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I was reading the only Xubuntu themed blog I have ever come across, Living With Xubuntu, and there was a link to a reddit thread about why people are switching from Ubuntu to Debain. The general theme from the thread was one that I’ve heard many times before: Ubuntu is bloated and Debian or Arch or Gentoo is lighter and better and you Ubuntu morons will see the light one day and switch to a real man’s distribution. And not once have I seen anyone mention that Ubuntu can be as light, if not lighter, than every distribution suggested. The trick is not to install the 700 mb GNOME Ubuntu turd that is their main edition, or even Xubuntu (which is a great distro/spin, but is a tad on the bloated side), but install the frickin UBUNTU MINIMAL CD . There’s a reason they call it the minimal cd, it’s only 12.7 mb. You want to avoid bloat, install a 13 mb system.

You want a lightweight functional Xfce system? Install the ubuntu minimall cd and then run “sudo apt-get install xfce4″. That’s it. You get an absolute bare bones Xfce desktop and all the goodness that comes with Ubuntu. Like drivers, tons of packages and a huge support system of forums and blogs. And if you want a GNOME free login manager to round it out, just run “sudo apt-get install lxdm”. And as a free bonus, you get LXDE as well! For all of 9 additional mbs! Not bloated! You get two bloat free desktops, on a system that actually frickin works out of the box.

Stay GNOME free by adding NetworkManager, Chromium, Pidgin, Parole, Aqualung, Mousepad, etc. It’s pretty easy to check and see if you’re “bloating” up your system: after you run “sudo apt-get install whatever” look at the list of dependent packages and the total size of the install. If there are a ton of packages that start with “gnome” or “libgnome” try to find another application. And there you go, a lightweight Ubuntu running a full featured Gtk desktop. This may become more common if the Xubuntu team blimps up their spin at the same rate the Unity team did with the main edition.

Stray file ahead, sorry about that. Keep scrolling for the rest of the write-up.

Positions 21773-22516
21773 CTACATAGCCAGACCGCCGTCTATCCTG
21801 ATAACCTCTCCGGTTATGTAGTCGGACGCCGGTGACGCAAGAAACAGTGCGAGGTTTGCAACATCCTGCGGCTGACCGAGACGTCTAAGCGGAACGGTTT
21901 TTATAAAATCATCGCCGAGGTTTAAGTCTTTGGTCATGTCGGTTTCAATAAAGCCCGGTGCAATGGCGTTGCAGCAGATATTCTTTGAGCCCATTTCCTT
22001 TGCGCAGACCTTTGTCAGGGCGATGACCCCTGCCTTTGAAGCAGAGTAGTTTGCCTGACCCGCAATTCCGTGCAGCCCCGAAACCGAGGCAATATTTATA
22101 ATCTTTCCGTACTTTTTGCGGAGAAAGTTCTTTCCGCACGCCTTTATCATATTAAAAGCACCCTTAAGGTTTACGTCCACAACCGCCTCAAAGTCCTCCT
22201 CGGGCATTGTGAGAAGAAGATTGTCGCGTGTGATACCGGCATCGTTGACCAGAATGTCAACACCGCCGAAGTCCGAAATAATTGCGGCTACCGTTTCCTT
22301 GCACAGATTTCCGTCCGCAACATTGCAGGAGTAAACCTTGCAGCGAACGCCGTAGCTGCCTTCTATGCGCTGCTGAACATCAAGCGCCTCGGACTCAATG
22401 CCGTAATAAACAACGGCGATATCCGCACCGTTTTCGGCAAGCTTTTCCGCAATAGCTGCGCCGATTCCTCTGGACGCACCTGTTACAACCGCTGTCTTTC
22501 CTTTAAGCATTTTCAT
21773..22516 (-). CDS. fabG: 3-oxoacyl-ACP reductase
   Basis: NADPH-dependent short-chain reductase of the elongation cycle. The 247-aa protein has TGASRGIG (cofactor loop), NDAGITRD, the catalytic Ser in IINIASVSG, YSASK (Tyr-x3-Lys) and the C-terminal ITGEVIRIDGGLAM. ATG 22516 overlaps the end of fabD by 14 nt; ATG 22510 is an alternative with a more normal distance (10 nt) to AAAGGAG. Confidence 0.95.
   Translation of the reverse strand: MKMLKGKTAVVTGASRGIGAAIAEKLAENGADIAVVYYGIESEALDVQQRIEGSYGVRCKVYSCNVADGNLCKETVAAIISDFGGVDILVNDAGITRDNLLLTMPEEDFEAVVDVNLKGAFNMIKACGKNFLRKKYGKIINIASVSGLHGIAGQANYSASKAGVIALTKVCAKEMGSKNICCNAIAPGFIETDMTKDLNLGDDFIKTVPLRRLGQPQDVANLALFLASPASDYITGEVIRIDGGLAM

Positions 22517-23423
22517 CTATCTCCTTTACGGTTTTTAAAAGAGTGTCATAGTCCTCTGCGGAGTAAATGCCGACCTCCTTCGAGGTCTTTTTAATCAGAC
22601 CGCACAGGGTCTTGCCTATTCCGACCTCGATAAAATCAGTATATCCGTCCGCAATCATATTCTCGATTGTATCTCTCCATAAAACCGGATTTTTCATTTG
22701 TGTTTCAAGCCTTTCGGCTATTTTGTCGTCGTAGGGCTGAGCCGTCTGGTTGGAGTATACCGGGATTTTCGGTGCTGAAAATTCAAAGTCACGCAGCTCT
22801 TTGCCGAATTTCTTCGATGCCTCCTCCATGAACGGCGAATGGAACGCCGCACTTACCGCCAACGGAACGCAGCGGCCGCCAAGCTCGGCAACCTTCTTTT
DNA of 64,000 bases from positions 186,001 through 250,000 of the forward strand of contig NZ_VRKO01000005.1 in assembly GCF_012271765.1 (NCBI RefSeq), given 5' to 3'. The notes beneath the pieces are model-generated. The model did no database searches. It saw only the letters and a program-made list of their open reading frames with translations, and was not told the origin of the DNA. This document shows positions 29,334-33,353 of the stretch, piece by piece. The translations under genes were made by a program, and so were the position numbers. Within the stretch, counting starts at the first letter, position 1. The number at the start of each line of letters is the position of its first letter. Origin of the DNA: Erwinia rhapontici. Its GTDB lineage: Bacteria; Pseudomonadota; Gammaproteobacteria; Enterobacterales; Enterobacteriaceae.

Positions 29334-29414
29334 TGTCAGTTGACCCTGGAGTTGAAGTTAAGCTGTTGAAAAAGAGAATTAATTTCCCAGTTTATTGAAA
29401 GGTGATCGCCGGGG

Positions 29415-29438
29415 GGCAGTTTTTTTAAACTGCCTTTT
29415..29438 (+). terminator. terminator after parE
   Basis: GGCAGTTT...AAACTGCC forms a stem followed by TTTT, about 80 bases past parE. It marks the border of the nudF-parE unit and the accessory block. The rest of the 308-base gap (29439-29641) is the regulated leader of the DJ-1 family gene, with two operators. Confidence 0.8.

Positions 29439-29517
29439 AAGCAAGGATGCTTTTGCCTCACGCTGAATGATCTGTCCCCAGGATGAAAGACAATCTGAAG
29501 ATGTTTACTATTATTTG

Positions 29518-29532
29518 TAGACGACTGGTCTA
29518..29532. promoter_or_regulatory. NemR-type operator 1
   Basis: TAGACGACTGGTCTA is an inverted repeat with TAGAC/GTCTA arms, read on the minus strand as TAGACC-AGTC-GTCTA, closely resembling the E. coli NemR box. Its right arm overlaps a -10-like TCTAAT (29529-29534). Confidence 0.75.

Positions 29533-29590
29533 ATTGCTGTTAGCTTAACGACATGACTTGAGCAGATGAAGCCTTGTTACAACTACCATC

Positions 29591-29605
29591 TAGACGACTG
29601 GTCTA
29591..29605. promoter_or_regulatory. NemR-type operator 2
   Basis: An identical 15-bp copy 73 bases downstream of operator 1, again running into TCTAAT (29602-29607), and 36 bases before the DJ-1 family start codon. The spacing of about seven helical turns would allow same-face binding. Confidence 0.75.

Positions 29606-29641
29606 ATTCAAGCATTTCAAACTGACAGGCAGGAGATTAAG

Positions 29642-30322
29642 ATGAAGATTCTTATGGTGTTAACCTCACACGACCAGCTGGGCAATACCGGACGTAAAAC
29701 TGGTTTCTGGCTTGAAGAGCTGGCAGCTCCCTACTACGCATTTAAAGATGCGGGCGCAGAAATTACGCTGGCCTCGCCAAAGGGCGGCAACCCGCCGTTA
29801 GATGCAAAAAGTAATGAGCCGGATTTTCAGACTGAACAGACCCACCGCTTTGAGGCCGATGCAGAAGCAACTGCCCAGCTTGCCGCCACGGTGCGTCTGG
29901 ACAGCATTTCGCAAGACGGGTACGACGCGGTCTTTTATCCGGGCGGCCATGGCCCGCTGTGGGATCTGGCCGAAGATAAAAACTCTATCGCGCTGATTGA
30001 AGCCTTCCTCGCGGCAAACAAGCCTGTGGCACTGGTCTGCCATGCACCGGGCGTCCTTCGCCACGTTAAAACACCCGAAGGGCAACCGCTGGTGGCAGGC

And it comes full circle

The first linux distro I ever used was Xubuntu 8.10. That was so long ago, I don’t even remember why I switched. I switched to Crunchbang, Debian testing + LXDE, minimal Ubuntu + LXDE, Linux Mint Debian and then Lubuntu. I would have been fine sticking with Lubuntu if I thought they would have a 64-bit edition out anytime soon, but it doesn’t look like they will. I know I could use the 64-bit minimal Ubuntu and add the Lubuntu-desktop package, but I’m lazy. I wanted to see how much better my 64-bit machine would preform with a 64-bit OS. So I just went with a 64-bit Xubuntu and tacked on the LXDE desktop. At first I started just randomly picking a desktop, then one day I just stopped logging into LXDE all together. This past weekend I formatted both my machines with Xubuntu and have yet to install any LXDE apps other than PCManFM (I need tabs in my file manager), LXRandR and GPicView. In fact, I like the look of the Xfce desktop more.